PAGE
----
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letting nature back in

nature and nurture in suburban spaces

Winter solstice birds in the garden

In our dry winters, visiting birds make the most of the birdbaths in our garden. In this winter solstice week I decided to spend time photographing some of our mid-winter avian visitors.

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Sombre greenbuls can be loud and splashy too

The sombre greenbuls that visit our garden all year round are mostly evident from their loud and penetrating contact calls as they forage while concealed in dense vegetation or high up within the tree canopies.

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Enchantment in a monochrome woodland

Forests and woodlands have old associations with enchantment and mystery. As magical places forests may be benign and even be sacred places, but conversely enchantment may be malevolent.  Forests can provide sanctuary but they can also conceal danger. Wildness can be healing but it can also be threatening.

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More on our wild irises: The yellow and the forest wild irises

Following last week’s post showcasing the large wild iris (Dietes grandiflora), this post features the other two wild irises in our garden: the yellow wild iris or peacock flower (Dietes bicolor) and the less well-known forest wild iris – or simply forest iris –  (Dietes butcheriana), which is also known as the broad-leaved dietes.

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Introducing three wild irises

The lovely soft looking flowers that don’t last long on the plant make it surprising that wild irises of the Dietes genus are in fact incredibly hardy, to the extent that they are a familiar sight in mass plantings in urbanised places such as business parks and shopping malls.

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Meanwhile back in the garden: Images of early winter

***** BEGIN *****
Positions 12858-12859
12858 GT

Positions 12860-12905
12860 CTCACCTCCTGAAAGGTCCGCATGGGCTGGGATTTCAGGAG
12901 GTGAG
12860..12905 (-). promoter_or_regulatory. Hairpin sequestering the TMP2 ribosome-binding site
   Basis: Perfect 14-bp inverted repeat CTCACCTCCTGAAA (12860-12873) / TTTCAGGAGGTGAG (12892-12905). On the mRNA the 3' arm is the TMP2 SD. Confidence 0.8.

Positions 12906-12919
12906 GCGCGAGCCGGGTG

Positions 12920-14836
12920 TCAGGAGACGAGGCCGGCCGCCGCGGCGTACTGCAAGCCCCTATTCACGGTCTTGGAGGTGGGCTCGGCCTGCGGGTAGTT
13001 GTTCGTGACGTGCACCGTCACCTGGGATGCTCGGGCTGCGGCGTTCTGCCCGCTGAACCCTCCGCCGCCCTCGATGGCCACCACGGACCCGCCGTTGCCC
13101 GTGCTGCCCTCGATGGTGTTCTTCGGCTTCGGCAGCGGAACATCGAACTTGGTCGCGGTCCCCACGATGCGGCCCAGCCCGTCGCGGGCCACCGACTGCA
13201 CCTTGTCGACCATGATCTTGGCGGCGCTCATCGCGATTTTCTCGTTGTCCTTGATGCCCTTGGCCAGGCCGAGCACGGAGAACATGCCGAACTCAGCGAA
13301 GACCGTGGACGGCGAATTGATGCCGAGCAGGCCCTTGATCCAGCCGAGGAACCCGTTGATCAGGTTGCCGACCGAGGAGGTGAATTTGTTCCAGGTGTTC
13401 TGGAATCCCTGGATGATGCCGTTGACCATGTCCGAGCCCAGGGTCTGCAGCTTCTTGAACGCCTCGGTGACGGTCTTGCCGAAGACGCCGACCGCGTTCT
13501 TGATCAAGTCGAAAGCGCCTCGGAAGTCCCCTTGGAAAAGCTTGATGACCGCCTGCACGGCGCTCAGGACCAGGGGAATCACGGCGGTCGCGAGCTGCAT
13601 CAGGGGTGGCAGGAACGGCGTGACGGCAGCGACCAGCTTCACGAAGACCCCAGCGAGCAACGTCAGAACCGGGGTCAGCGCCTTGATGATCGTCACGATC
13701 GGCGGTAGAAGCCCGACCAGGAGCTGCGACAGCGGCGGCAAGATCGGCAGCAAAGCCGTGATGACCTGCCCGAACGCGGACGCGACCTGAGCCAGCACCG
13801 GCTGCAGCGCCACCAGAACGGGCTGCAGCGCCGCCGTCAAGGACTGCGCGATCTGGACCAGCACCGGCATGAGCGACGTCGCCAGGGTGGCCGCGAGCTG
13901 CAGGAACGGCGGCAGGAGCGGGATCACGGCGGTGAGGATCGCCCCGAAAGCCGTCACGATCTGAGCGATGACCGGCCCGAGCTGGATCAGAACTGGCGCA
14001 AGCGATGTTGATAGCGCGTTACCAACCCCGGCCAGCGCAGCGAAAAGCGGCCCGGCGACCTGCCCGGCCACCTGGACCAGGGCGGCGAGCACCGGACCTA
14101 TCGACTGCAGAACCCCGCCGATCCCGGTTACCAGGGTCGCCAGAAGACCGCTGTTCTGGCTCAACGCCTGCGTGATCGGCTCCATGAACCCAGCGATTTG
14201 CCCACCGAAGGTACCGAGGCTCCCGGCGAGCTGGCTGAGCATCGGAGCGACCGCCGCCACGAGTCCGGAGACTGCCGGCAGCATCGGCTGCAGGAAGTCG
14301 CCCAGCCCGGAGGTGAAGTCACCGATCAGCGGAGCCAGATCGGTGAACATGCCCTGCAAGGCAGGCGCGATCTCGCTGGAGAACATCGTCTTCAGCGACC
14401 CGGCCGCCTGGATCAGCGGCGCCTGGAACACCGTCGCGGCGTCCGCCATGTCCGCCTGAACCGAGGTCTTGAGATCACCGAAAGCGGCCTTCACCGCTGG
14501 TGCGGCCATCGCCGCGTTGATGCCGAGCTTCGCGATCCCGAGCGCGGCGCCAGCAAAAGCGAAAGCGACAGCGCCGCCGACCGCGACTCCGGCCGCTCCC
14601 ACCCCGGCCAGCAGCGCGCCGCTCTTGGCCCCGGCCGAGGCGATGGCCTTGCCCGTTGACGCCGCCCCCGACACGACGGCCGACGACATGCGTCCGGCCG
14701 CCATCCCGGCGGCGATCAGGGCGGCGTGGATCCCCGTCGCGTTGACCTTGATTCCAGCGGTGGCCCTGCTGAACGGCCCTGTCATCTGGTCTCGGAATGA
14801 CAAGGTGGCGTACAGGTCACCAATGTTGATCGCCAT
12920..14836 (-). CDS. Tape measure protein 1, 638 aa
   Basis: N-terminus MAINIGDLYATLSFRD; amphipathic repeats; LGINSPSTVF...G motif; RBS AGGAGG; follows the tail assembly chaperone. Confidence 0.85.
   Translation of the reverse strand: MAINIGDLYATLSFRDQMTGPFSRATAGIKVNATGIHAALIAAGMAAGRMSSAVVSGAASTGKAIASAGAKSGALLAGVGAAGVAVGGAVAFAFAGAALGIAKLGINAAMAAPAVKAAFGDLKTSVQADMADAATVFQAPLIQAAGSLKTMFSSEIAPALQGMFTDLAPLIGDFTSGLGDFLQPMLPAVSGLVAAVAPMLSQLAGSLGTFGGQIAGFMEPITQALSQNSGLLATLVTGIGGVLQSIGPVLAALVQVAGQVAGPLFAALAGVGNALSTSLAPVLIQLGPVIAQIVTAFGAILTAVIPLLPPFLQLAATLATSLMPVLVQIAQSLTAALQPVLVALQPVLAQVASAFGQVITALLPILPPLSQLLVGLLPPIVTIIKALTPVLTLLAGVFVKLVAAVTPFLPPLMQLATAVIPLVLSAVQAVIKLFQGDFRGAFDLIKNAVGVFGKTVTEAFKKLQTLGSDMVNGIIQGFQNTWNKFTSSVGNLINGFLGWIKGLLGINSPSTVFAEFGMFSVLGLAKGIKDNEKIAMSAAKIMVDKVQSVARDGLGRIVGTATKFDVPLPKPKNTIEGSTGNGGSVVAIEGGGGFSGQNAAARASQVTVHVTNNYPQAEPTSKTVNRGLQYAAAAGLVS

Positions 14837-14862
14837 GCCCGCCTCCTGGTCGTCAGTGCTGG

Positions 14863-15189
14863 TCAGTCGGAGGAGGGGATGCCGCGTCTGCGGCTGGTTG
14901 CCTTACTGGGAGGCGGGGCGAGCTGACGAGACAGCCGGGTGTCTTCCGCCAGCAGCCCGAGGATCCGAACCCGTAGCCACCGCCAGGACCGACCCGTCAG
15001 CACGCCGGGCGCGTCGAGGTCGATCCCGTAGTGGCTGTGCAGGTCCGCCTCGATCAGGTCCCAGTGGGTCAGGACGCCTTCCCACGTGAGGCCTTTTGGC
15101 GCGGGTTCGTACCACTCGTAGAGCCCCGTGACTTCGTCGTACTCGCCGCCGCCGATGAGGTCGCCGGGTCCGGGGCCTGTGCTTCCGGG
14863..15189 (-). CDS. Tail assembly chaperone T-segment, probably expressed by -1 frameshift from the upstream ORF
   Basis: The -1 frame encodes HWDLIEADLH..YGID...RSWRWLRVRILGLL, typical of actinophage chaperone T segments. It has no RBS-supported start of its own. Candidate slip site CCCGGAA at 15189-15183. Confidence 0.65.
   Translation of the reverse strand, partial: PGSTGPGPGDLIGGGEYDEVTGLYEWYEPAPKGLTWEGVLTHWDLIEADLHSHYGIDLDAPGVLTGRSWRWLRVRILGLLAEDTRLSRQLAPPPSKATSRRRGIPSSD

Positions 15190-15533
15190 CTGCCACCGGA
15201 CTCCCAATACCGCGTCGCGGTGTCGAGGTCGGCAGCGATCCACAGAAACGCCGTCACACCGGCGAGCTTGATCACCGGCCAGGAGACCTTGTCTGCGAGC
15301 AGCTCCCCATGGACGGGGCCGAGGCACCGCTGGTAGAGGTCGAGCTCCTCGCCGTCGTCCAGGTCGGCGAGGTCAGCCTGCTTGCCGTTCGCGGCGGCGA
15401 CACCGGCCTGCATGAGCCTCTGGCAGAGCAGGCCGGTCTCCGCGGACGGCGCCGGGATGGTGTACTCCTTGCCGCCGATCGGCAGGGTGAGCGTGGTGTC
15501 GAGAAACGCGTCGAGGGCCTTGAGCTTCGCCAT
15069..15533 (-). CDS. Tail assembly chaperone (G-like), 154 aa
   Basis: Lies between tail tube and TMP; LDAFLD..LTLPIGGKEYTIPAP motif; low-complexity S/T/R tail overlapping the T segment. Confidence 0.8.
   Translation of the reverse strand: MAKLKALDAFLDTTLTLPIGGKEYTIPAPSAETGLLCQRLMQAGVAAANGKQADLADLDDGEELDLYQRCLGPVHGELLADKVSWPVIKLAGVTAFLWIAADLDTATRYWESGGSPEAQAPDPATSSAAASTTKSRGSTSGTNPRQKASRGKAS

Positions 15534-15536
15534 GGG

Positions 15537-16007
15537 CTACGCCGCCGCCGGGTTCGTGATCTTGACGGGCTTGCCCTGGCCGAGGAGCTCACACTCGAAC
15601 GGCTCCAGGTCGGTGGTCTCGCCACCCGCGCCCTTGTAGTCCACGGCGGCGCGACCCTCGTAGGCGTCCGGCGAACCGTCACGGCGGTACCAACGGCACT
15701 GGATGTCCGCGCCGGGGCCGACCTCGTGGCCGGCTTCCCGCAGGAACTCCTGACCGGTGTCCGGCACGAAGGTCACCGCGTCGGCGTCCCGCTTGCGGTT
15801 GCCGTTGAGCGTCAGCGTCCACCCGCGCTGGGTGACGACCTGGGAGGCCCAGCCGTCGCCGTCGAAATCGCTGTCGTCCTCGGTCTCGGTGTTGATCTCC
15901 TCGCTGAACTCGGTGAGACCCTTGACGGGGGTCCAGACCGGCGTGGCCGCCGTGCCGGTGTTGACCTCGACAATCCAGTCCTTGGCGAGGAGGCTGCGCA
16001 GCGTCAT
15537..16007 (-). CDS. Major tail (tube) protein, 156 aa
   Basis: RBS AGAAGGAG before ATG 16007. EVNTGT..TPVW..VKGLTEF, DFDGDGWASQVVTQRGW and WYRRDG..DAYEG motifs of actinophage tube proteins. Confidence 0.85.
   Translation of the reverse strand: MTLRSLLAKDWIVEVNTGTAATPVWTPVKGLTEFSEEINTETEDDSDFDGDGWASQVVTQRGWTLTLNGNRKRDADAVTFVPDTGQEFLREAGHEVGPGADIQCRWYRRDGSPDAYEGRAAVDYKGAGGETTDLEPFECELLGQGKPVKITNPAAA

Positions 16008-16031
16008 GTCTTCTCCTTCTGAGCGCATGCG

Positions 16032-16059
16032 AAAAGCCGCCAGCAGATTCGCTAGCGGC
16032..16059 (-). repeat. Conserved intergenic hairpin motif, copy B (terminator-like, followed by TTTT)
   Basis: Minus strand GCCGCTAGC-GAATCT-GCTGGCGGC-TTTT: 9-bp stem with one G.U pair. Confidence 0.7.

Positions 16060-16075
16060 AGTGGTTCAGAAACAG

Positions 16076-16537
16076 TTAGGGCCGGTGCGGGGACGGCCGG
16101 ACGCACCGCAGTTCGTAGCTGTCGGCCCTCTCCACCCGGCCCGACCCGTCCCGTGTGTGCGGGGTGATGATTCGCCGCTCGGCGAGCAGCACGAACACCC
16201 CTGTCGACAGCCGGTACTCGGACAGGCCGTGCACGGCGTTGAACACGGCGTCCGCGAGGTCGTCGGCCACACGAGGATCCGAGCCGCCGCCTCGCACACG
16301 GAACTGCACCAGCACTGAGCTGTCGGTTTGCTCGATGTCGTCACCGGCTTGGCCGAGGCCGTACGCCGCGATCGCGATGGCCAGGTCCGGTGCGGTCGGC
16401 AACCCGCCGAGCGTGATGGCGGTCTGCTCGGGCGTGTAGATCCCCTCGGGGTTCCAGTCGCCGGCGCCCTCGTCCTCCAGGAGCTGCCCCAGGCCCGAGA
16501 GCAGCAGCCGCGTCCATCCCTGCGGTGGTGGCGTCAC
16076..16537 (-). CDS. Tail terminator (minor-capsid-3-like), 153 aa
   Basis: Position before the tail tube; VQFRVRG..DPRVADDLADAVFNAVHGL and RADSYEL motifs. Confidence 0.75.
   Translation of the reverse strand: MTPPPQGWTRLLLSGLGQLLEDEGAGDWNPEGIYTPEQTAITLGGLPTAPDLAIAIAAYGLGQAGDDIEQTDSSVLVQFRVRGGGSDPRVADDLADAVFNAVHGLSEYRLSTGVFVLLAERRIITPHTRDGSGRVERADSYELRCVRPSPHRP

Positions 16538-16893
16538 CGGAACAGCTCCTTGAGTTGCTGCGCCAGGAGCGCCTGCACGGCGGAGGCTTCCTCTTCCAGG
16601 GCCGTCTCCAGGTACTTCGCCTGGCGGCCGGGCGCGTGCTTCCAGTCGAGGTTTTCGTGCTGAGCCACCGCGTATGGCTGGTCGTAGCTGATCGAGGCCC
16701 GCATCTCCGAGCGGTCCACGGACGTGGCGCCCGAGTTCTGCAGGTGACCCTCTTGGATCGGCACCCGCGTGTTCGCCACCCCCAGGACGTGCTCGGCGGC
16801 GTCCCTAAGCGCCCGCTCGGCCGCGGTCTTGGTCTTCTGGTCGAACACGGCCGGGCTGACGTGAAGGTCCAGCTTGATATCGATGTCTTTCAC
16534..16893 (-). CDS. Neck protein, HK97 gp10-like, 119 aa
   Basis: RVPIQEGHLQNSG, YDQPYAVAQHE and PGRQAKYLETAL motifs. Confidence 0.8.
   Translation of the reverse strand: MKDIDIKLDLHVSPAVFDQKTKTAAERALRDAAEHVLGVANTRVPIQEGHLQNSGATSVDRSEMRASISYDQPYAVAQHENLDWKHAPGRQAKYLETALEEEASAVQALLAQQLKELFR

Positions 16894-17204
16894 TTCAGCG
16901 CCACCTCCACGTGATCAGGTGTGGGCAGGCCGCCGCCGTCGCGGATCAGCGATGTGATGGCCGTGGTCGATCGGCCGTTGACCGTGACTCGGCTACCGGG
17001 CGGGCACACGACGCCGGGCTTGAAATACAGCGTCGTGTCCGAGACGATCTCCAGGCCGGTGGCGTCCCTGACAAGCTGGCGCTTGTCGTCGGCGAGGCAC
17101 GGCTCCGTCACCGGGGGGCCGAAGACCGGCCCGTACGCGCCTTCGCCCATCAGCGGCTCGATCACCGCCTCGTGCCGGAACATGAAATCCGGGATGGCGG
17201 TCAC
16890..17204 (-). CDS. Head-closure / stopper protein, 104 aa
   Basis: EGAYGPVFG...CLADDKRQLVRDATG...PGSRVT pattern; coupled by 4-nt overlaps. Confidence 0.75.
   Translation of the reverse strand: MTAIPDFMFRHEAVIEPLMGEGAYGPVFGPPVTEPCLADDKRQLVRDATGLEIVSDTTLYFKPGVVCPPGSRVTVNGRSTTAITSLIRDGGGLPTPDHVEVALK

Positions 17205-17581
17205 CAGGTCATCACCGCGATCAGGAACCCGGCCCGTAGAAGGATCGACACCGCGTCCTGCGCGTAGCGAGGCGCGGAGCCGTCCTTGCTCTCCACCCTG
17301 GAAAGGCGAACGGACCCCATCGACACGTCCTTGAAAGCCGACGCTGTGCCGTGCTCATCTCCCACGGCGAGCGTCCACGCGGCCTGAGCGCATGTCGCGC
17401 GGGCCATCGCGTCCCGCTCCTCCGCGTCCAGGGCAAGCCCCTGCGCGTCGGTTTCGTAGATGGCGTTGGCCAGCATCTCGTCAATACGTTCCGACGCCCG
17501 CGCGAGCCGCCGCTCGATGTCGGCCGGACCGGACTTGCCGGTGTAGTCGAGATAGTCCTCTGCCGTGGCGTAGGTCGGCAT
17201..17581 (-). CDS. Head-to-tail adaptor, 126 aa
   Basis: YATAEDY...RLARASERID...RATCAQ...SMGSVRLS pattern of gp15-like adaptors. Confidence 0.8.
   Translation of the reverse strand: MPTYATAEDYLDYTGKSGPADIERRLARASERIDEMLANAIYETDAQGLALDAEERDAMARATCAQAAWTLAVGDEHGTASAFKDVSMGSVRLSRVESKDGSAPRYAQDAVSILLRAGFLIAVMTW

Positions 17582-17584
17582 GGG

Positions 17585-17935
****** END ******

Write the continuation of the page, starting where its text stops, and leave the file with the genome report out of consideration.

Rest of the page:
Shorter days and cooler nights bring changes as the daytime temperatures vary between hot and mild. With the dryer air the sunshine has a golden clarity enhancing the colourful winter flowers and mellow berries, and brightening the visiting birds and insects in the garden.

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Journeying from freshwater pans to garden pond

One of the most beautiful fresh water pans in the northern Zululand region (Maputoland) of KwaZulu-Natal is the Inyamiti Pan in Ndumo Game Reserve.  The pan is fringed by fever trees with their pale yellow bark reflecting in the water, especially in summer when the water level is high.

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Going with the flow: Some southern African rivers and wetlands

The freshwater biome can be categorized into lakes, streams and wetlands, and all are interconnected. We depend utterly on freshwater systems that globally comprise only 0.8% of all the water on the planet and cover only 1/5 of the Earth’s surface.

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Looking out to sea: The shoreline, the estuaries and the coral reefs

Aquatic biomes include both freshwater and marine biomes. The marine biome is divided into three main ecosystems: the oceans, coral reefs and estuaries. South Africa has a coastline that is over 3000 kilometres in length and it features coral reefs on its eastern coastline and numerous estuaries along its length.

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